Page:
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Personal, professional enrichment possible through continuing education courses

Craig Chamberlain, Education Editor
(217) 333-2894; cdchambe@illinois.edu

2/15/2001

CHAMPAIGN, Ill. -- Asian cooking, Vietnam movies, Russian museums É and seafood, architecture, opera, writing, Lincoln and the Amish.

These are among the subjects being explored this spring semester through personal and professional enrichment programs offered by the Office of Continuing Education at the University of Illinois.

The programs, open to the general public in Champaign-Urbana and the surrounding community, are offered in three categories: general noncredit courses, open to all adults ages 18 and over; and Elderhostel and Senior Scholars programs, intended for those over 55.

All of the courses and programs are presented in a noncompetitive, informal atmosphere, with no exams or grades. Instructors are selected primarily from the university faculty. Classes meet at locations on the UI campus or in the Central Illinois area. Prospective students are encouraged to enroll at the earliest opportunity since some classes may fill quickly. Fees range between $35 and $150.

Among the general noncredit courses being offered:

"Quick and Simple Asian Meals," a one-evening class on dishes that require 20 minutes or less to prepare, such as "instant" Peking chicken, spicy pork with tofu, beef and broccoli in oyster sauce, vegetable stir fry mix with chicken stock, Asian salad and fried rice. Wednesday, Feb.28.

"Seafood Basics," a one-evening class on the basics of selecting, preparing and storing seafood: fish, mussels, lobsters, shrimps and scallops. Included will be lessons on making seafood appetizers, as well as tips on seafood shopping in Champaign-Urbana. Wednesday, March 7.

"Asian Eateries in Champaign," a one-day excursion to discover some of the "hidden" Asian eateries and groceries in Champaign-Urbana. Participants are urged to come hungry. Saturday, March 24, 11 a.m.-3 p.m.

"ChicagoÕs Best Unexplored Asian Restaurants," a one-day excursion to Chicago to check out some of the cityÕs unexplored Asian eating establishments. Saturday, March 31, or Saturday, May 5, 8 a.m.-8 p.m. each day.

"Vietnam at the Movies," a five-week exploration of HollywoodÕs portrayal of the Vietnam War, led by a professor of political science who is also a Navy veteran of the conflict. The course will draw on popular movies about the war, among them "The Green Berets," "Apocalypse Now," "Good Morning Vietnam," and "Born on the Fourth of July," as well as the personal stories of veterans. Monday evenings starting March 19.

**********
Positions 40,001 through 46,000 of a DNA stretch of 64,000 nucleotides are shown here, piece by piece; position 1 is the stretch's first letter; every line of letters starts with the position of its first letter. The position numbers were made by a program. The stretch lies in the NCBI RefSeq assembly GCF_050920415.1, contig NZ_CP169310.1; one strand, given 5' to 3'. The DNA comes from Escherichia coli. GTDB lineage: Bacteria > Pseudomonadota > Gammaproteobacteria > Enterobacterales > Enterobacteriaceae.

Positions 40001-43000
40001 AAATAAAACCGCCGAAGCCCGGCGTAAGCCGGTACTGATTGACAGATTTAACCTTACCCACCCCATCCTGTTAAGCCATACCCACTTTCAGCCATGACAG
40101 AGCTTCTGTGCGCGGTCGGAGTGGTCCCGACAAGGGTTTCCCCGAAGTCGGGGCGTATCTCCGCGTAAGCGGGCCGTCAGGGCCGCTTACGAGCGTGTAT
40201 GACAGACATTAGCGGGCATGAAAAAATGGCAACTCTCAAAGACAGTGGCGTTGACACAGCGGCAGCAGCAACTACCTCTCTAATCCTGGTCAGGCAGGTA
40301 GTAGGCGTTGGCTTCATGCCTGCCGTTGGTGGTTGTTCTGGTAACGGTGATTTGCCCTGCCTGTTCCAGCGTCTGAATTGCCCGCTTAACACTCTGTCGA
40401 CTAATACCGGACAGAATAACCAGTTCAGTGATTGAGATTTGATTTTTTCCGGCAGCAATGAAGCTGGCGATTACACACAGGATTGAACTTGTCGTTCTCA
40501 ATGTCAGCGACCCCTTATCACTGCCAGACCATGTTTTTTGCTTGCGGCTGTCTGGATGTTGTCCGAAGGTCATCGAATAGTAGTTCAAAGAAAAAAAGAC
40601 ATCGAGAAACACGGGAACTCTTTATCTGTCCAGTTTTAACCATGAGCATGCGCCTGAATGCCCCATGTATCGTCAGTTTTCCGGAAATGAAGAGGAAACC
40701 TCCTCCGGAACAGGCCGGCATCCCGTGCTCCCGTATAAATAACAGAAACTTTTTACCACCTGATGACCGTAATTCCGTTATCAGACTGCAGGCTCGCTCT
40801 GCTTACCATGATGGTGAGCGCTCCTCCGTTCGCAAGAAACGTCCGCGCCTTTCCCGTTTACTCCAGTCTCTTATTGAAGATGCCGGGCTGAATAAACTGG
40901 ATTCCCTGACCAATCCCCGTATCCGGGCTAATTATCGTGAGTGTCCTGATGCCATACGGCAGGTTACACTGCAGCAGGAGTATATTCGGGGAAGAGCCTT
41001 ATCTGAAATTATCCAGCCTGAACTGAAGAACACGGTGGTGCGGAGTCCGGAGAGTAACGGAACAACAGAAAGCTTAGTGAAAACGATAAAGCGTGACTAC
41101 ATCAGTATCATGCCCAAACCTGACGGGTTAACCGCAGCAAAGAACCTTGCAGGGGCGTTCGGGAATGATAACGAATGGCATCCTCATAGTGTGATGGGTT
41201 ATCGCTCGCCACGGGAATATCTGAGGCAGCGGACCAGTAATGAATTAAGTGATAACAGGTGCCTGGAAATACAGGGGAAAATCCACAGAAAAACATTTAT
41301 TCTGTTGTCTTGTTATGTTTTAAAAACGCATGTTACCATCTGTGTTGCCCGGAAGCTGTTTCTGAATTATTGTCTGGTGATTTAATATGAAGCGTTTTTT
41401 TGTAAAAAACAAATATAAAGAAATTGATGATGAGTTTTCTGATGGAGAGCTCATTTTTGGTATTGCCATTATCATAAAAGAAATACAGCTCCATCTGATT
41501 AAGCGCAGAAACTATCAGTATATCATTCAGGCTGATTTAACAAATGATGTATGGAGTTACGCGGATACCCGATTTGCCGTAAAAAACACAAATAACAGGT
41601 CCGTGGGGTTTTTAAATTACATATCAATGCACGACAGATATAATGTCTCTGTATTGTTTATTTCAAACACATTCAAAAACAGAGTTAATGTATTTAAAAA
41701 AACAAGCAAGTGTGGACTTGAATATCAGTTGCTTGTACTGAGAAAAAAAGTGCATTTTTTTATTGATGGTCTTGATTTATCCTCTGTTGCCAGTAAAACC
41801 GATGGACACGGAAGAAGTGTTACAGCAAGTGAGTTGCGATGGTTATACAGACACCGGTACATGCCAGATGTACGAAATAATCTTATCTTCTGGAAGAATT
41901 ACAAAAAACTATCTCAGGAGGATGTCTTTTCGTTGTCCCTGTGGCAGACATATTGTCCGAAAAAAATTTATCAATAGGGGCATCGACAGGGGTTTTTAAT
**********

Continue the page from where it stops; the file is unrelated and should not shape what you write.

"Experiencing Architecture: Your Life and Our Built Environment," a six-week series that looks beyond the bricks, mortar, wood, steel and glass to explore how architecture affects us emotionally, socially and intellectually. Participants will look at how buildings meet their usersÕ needs and impact their sense of privacy, security, social interaction, choices, image and efficiency. Thursday evenings starting March 22.

"Successful Magazine Writing," a half-day seminar on how to write for magazines and get published. The seminar will offer practical advice, along with real-life examples and suggestions for jumpstarting a magazine-writing career. Saturday, April 7, 9:30 a.m.-2 p.m.

"Get Started! How to Launch or Expand Your Free-lance Writing Business," a half-day sequel to "Successful Magazine Writing," this seminar will deal with how to create a successful writing career, from someone whoÕs been there and done it. Saturday, April 28, 9:30 a.m.-2 p.m.

"Enhancing the Enjoyment of Classic ChildrenÕs Literature," a half-day workshop exploring how to spark a love of classic literature in children. Saturday, April 21, 9:30 a.m.-1 p.m.

Among the courses being offered under the Elderhostel and Senior Scholars programs, for adults 55 and older:

"The State Hermitage Museum of St. Petersburg, Russia," a mini-Elderhostel program intended for those who have never attended an Elderhostel program. Participants will get an insiderÕs view of the art of the State Hermitage Museum from several of the museumÕs scholars, artists and educators. March 25 to 28.

"Illinois and Lincoln Through the Eyes of Carl Sandburg and Edgar Lee Masters," a program exploring the life and works of Sandburg and Masters, with emphasis on Illinois and Abraham Lincoln. The program will make use of the UIÕs collection of Sandburg materials, the largest of its kind, and will feature an overnight trip that will look at the life, times and legacy of these great authors. April 29 to May 5.

"People of the Prairie -- The Illinois Amish," an up-close view of a simpler lifestyle that has stood the test of time, with an emphasis on the Amish in Central Illinois, the fourth largest Old Order Amish community in the nation. The program will look at their history, religion, work, economy and family life, and will include field trips to a farm, home and business, including a meal in an Amish home. May 20 to 25.

"An American Opera: Street Scene," a three-week program exploring an American opera by composer Kurt Weill, who wrote notable songs such as "September Song," "Speak Low" and "Mack the Knife." The program also will include a tour of Krannert Center for the Performing Arts. Wednesday afternoons starting April 11, along with an evening performance of the opera on April 20.

For more information, or to sign up for a course or program, contact the Continuing Education office, either by phone, at (217) 333-7369, or e-mail, at c-barber@illinois.edu.